Included in the new coronavirus relief bill is help for small businesses. The Paycheck Protection Program now has $284 billion in forgivable, federally backed loans for small businesses.
"This is the second chance," Manny Cosme, the President and CEO of CFO Services Group, said. "If you did not apply the first round, absolutely please make sure you apply for this next round of PPP. For those that did apply you get a second shot at what they’re calling the second draw, so you can apply again if you had decreased revenue over this last year because of the pandemic.”
Applications are not out yet, but watch out for that in the coming weeks.
"Treasury still has to issue the final guidance and then the banks will open up the applications again. So, the applications are not out today, but we hope in the next few weeks it will come out so we can start applying and getting that money again."
Cosme said small businesses do not want to miss this application. Here is what you can do now to get ready to apply.
"You want to make sure you are getting your records in order. They’re going to be looking at payroll records. So this time, however, they can look at 2020 payroll. So you can look at either 2019 or 2020 payroll and that’s what’s used to calculate the amount of the loan," Cosme said. "So make sure you have your payroll records ready. Also, if you are self-employed make sure you have your tax return ready to go. 2020 probably won't be done so you will have your 2019 tax return."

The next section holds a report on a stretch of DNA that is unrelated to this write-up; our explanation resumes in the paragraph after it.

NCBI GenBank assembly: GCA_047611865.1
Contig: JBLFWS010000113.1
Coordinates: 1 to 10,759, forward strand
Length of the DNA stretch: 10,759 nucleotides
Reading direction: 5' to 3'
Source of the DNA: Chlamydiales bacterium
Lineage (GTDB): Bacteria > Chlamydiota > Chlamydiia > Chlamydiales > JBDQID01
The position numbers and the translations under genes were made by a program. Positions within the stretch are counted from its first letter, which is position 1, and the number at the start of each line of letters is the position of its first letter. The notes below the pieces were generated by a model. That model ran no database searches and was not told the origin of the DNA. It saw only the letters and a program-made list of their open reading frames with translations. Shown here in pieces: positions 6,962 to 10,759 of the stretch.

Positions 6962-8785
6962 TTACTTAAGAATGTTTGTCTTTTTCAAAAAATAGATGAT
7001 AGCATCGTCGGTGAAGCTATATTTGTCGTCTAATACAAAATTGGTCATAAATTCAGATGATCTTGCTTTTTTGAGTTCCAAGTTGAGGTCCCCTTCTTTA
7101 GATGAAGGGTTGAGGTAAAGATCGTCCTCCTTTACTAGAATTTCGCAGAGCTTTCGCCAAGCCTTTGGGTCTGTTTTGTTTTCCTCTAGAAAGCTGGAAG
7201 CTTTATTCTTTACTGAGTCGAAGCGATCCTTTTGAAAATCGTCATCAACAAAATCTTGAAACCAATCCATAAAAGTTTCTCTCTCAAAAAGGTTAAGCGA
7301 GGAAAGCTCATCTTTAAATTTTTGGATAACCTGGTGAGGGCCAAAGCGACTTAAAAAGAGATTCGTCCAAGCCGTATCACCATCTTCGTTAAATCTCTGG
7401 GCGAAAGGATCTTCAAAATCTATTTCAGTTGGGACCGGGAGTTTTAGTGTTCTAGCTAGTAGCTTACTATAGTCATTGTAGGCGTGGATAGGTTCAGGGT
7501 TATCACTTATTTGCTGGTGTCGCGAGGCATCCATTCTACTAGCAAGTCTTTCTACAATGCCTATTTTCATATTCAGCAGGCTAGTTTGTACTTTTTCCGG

If you're small business already got a PPP loan during the first round, can you get one again?
"The answer is yes," Cosme said. "You had to have a drop in revenue 25 percent, is the criteria that they are looking at. So you can get what they call the second draw."
He continued, "If you missed the first round, you have a second shot. So don’t miss this one if you didn’t get it the first time."
Cosme said this round is a lot more expansive for what you can spend the money on.
“In this round they are actually allowing you to claim more expenses. So on the last round it was 60 percent you had to spend on payroll and 40 percent you could spend on other approved expenses, but there were only a few. Rent, utilities, things like that," he said. "This round is still 60 percent on payroll, but the 40 percent can be spend on a wider range of expenses which is more helpful."
He said that includes things like software, accounting fees, recent property damage, PPE for staff.